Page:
A wonderful train ride through the Belgian and French countryside, followed by Metro train ride and walk across Paris, brought us La Villa Paris, a small bed and breakfast in District 13, on the south side of inner city Paris.
Our room wasn’t yet ready for check in, so we struggled through the language barrier at a nearby Brasserie (brewery — the closest establishment we could find that we hoped would have food). We could understand enough to know that we were too early for any food to be served, but we were welcome to have drinks. We settled in for a beer, and when it started going to our heads, we decided we REALLY needed food. I went to the bakery next door in the hopes of at least getting a piece of bread. Struggling through more of the language barrier, I finally pointed at something that looked like a baguette with cheese (bonus!). I brought it back, handed it to Bill, and he said, “You brought us a cold hotdog??” Upon closer inspection, I could see that I had purchased a baguette, sliced open, filled with two hotdogs, and covered with melted cheese. Evidently, it was supposed to be brought home and put in the oven because he was right. It was refrigerator cold! This was our introduction to Paris!
Thankfully, the staff at La Villa Paris, especially Marie, could speak English. We enjoyed the jacuzzi, flopped in bed and woke up in the morning to a breakfast that made up for our cold hotdog dinner from the night before! Then we had to physically force ourselves onto an already packed metro train — a train that stayed packed for the entire 16 stops it took to arrive at the Eiffel Tower. Every time someone wanted off the train, several people had to exit with them just to let them out. Then they would get back on, and we would continue our intimate contact to the next stop before reshuffling again. By the end, we were so far back in the train that we were terrified they wouldn’t be able to pry us out of the train when we finally arrived at our stop!
We finally made it to the Eiffel Tower, where our new silent friends did let us off of the train, and our walking tour began. As we climbed the 670 steps to the second floor, which is less than half the height of the entire structure), we got a history lesson from our tour guide, Sebastien. The Eiffel Tower is named after the man who oversaw the design of it. He was already world famous for building the longest bridges in the world. He was so important, in fact, that he didn’t actually even design this project; two of his engineers and one of his architect did!
This feat of engineering was built in 1889 for the World’s Fair and to be the temporary centerpiece of the Centennial Anniversary of the French Revolution, an event we learned really defines Paris’s history. Throughout the day, things were referred to as “before the Revolution” or “after the Revolution.” The Eiffel Tower was the tallest structure ever built at the time, doubling the height of the second tallest, the obelisk of the Washington Monument. The Eiffel Tower was built in metal instead of stone, so it was a very light structure, being only 11,000 tons, compared to the 90,854 tons of the Washington Monument.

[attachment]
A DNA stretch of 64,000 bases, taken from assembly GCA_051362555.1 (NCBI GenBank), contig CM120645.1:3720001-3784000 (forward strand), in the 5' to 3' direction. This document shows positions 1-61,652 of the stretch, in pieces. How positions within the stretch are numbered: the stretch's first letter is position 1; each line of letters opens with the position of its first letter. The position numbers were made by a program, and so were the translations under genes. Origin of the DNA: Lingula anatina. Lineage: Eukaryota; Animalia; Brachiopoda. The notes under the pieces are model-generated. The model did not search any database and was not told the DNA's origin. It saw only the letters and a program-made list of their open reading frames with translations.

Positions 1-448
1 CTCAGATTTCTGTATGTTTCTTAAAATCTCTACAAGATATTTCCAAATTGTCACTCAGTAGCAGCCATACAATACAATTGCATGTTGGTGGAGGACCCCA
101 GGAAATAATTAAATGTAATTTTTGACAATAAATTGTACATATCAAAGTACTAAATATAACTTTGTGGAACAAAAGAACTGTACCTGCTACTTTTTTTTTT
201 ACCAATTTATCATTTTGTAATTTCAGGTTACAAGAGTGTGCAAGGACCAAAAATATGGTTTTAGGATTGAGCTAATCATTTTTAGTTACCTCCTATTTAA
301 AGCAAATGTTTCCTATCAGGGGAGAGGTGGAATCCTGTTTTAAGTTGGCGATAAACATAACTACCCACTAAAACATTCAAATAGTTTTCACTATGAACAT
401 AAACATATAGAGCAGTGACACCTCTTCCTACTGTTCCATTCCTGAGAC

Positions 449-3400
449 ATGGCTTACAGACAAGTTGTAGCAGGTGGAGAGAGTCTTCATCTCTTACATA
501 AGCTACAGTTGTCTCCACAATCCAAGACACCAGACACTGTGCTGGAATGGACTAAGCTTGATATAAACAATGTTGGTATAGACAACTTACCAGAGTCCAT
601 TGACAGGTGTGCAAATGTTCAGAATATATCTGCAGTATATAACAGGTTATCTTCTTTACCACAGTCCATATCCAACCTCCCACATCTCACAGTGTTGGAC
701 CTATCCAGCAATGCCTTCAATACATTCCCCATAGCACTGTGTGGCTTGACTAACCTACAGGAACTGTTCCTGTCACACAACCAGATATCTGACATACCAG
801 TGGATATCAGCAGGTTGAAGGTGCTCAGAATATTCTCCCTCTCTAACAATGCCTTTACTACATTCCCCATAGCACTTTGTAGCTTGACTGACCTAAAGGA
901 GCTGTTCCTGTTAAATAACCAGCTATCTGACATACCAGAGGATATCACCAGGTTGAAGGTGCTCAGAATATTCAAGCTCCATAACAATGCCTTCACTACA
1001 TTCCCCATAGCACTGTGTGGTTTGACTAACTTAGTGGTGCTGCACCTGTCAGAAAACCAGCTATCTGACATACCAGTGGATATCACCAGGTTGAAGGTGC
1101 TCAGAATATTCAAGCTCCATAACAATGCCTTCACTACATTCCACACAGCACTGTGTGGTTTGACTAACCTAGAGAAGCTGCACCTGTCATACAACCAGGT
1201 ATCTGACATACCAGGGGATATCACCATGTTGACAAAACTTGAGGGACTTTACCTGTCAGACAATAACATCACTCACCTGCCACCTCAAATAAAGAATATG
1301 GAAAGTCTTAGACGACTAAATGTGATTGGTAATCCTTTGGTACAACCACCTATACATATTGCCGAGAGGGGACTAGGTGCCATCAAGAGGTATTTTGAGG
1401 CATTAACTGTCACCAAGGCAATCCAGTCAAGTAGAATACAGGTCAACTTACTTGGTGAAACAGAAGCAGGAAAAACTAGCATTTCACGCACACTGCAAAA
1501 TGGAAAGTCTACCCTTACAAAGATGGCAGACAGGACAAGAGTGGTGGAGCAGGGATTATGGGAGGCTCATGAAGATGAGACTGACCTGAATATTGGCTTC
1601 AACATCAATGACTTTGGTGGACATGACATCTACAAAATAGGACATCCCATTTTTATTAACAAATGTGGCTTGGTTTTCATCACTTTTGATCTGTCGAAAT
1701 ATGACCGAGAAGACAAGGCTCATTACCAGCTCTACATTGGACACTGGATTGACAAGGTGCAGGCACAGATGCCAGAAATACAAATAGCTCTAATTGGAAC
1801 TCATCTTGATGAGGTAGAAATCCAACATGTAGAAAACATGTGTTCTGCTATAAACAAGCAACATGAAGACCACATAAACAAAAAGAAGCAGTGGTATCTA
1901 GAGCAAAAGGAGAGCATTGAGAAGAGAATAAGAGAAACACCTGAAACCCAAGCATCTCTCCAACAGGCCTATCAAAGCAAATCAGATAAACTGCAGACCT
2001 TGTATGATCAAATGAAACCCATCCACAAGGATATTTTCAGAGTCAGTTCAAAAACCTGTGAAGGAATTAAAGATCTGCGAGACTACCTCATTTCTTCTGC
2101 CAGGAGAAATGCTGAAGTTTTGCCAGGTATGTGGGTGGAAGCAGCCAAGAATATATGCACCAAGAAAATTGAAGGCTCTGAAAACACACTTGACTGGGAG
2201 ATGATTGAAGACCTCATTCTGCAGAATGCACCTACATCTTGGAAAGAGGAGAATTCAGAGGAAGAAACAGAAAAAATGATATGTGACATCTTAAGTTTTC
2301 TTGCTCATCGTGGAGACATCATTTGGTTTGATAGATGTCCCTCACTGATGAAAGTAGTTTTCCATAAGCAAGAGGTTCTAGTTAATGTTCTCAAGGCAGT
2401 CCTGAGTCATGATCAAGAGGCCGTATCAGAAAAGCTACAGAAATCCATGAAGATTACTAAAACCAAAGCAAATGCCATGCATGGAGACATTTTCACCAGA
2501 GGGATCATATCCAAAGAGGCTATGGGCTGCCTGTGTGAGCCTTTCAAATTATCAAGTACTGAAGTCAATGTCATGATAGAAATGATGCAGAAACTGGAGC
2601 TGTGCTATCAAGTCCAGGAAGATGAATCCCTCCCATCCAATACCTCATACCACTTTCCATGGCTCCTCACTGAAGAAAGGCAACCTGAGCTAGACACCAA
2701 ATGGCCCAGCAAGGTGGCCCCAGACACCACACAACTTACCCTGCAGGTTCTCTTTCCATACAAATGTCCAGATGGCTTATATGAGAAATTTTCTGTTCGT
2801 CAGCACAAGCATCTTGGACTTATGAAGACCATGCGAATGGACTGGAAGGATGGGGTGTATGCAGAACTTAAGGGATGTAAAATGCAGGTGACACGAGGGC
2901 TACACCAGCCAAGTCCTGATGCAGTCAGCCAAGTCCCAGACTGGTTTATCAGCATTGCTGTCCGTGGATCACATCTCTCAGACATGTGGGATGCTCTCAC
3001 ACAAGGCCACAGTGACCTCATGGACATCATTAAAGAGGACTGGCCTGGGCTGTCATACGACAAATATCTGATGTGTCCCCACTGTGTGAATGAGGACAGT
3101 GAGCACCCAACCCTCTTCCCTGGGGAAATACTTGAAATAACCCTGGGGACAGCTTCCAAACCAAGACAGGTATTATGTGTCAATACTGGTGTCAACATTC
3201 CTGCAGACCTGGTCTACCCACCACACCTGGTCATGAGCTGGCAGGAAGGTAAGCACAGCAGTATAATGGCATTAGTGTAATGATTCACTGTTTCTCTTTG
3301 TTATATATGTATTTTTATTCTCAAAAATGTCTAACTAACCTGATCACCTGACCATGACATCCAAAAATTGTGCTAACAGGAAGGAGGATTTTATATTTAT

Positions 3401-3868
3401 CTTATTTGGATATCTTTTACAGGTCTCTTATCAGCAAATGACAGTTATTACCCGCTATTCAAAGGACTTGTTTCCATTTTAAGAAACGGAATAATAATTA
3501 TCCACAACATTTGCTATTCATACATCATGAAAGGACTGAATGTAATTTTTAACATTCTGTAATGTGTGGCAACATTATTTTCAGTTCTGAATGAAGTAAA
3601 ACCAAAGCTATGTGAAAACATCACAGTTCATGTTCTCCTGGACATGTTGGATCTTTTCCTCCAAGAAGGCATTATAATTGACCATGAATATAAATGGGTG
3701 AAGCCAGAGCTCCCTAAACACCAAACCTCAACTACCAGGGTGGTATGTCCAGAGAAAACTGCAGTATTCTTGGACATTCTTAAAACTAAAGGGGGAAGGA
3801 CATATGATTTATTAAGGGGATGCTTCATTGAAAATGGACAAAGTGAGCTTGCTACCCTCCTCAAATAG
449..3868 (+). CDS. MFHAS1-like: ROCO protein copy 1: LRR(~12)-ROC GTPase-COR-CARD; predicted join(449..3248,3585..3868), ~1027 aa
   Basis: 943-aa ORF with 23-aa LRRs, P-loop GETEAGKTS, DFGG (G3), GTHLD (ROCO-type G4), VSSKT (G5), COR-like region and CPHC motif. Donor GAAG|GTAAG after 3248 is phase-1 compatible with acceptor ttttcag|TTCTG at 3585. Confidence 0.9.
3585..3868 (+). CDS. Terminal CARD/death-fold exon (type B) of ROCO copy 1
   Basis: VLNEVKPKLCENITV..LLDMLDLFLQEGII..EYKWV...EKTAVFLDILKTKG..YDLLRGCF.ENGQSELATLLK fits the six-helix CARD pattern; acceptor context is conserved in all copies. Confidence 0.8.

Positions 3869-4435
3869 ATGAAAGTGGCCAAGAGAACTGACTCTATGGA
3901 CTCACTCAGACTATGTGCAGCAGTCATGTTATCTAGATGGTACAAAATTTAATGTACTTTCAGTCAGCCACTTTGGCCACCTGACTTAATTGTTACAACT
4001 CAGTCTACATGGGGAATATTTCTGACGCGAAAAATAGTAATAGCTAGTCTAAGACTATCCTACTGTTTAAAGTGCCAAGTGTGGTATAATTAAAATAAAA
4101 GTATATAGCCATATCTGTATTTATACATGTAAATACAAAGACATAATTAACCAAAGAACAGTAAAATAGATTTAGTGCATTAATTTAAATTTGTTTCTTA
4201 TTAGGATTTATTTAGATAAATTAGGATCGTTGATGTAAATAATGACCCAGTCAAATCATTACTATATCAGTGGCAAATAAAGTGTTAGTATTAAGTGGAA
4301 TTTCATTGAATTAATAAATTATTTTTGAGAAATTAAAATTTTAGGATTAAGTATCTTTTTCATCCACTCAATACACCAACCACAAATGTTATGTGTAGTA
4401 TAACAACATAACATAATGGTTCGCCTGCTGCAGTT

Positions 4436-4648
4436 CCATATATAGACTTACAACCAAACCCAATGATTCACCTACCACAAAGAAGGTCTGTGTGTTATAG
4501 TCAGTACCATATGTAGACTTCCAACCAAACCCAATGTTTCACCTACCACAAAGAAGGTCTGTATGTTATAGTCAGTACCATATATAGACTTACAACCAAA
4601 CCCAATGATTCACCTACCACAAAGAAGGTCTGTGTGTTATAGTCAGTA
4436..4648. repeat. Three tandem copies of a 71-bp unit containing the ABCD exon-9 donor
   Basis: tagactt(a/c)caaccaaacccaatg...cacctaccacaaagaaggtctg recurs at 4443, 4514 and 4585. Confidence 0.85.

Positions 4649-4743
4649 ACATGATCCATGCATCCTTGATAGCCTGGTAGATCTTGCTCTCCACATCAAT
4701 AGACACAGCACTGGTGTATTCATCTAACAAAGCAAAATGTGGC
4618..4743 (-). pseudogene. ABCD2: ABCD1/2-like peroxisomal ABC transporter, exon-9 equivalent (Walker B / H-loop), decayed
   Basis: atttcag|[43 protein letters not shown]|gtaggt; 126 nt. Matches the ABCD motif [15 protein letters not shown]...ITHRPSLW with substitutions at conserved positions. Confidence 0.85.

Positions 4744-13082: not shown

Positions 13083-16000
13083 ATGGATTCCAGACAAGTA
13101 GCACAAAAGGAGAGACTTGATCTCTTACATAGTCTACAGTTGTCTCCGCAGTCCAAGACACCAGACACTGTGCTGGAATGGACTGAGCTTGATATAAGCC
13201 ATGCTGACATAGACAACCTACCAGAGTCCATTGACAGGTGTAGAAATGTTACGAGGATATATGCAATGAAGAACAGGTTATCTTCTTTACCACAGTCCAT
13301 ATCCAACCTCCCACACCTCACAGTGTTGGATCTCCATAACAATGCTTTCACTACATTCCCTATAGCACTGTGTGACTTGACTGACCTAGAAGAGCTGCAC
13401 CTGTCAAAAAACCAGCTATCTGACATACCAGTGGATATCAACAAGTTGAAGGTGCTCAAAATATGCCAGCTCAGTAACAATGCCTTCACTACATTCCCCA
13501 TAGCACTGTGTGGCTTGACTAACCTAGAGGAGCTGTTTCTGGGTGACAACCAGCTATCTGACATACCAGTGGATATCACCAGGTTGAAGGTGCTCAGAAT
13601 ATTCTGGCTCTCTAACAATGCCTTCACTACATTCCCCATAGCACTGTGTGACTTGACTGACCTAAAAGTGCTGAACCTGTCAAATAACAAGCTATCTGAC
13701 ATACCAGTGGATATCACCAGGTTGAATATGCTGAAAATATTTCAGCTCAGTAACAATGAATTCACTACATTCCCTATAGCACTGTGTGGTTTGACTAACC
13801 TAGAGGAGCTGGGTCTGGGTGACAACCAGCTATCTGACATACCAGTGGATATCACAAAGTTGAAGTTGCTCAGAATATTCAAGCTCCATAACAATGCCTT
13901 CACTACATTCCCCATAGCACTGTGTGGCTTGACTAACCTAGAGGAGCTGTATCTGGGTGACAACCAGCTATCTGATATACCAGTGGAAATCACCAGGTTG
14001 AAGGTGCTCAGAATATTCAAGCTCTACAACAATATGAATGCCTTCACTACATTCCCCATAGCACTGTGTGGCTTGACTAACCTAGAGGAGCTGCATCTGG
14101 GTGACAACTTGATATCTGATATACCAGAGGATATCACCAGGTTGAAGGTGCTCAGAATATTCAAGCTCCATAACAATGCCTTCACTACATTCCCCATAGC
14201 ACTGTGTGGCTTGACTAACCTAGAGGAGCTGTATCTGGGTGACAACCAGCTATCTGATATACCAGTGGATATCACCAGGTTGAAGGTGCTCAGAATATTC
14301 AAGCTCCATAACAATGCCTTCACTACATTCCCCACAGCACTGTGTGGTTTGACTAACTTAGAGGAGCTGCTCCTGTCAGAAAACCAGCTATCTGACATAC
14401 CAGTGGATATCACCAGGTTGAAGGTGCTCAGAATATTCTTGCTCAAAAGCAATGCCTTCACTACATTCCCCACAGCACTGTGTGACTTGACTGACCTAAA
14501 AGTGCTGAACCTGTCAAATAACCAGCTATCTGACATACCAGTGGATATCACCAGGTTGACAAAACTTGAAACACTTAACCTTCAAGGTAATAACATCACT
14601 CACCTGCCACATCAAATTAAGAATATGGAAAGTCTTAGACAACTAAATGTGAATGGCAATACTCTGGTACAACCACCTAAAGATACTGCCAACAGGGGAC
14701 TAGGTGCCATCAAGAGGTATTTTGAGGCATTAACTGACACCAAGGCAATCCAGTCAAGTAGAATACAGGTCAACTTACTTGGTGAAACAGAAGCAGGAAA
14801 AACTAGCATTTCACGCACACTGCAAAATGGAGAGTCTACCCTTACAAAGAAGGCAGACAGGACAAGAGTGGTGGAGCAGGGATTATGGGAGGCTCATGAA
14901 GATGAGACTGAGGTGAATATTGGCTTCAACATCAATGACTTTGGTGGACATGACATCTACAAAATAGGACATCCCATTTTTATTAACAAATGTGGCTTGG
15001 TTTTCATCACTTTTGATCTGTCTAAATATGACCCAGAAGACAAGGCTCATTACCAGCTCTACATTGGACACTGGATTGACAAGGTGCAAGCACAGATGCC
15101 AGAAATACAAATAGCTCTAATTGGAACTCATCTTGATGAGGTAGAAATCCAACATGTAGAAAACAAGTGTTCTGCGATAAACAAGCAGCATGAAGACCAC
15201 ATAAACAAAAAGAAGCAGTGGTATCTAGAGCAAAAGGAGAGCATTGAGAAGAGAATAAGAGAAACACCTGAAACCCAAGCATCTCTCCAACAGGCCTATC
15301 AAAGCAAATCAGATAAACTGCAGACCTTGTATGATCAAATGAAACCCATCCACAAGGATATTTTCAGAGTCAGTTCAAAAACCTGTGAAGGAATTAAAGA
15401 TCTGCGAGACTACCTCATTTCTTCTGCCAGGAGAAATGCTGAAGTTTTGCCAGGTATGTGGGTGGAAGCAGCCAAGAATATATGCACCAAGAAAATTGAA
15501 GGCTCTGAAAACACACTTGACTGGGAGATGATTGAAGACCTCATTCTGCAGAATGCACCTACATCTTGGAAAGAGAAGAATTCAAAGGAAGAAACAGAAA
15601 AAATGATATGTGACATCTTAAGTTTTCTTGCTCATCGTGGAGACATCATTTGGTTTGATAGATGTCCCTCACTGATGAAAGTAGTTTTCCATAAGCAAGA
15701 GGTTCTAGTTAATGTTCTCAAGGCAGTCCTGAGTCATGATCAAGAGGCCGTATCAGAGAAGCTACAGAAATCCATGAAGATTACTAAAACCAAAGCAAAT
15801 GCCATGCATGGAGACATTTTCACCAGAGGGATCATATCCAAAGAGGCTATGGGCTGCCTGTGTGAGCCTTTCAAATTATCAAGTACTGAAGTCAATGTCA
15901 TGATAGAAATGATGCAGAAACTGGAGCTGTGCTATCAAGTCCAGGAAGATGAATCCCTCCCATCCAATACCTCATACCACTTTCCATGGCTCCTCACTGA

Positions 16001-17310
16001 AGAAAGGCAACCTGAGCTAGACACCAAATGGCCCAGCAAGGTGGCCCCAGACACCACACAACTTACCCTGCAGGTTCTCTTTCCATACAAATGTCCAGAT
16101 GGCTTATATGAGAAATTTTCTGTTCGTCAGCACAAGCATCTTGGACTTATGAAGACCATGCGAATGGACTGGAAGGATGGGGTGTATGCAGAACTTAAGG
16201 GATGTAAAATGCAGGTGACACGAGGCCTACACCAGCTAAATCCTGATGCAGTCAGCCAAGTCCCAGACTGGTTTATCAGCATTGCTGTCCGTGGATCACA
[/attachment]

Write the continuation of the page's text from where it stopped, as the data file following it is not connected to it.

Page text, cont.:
As amazing as it is, the Eiffel Tower was only meant to be temporary. The people of Paris would not have agreed to it otherwise because they thought it would be an eyesore! In fact, during its over two years of building, petitions were signed to have the construction of the “ridiculous tower” halted. The tower cost almost 8 million francs to build ($40 million when converted to American dollars of today), and Eiffel himself invested half of that money, in hopes that he would make it back as people paid to climb its stairs and ride its elevators during the 20 years it would be allowed to stand before destruction He made the money back in 6 months, and, as you know, it is still standing almost 130 years later!
With most huge construction projects, there is more than just the monetary cost, but also loss of life. Construction work, especially on tall towers, is dangerous after all. The Eiffel Tower was constructed using 2.5 million rivets (Welding didn’t exist yet, and each rivet needing three people to assemble), but it only took one life in its construction: One of the workers brought his girlfriend to the site after work and was showing off for her by balancing on one of the cross bars. To her horror, down he went.
You may be asking why the Eiffel Tower is still standing if it was supposed to be temporary. Eiffel, who wanted it to remain, began using it for research on aerodynamics, weather, and telecommunications. He went to the French army, trying to convince them that it could be used for radio communications, to which they answered, “Our pigeons deliver messages better.” The army finally did agree to invest in using it for radio communications, which allowed them to intercept German transmissions during World War I. And you thought it was just pretty tower!
Enough of the Eiffel Tower as an engineering feat. What about the romance of Paris, right? At first, I couldn’t see that part at all. It’s a brown tower of steel. Where’s the romance in that? Especially when you have to walk for blocks and blocks to get around the construction zone where they’re now building a bullet proof glass wall around it? And how can you see it when you’re so out of breath from climbing it you’re practically seeing stars? After two days of walking around Paris, we saw the romantic part of it while having dinner at Cafe Francis.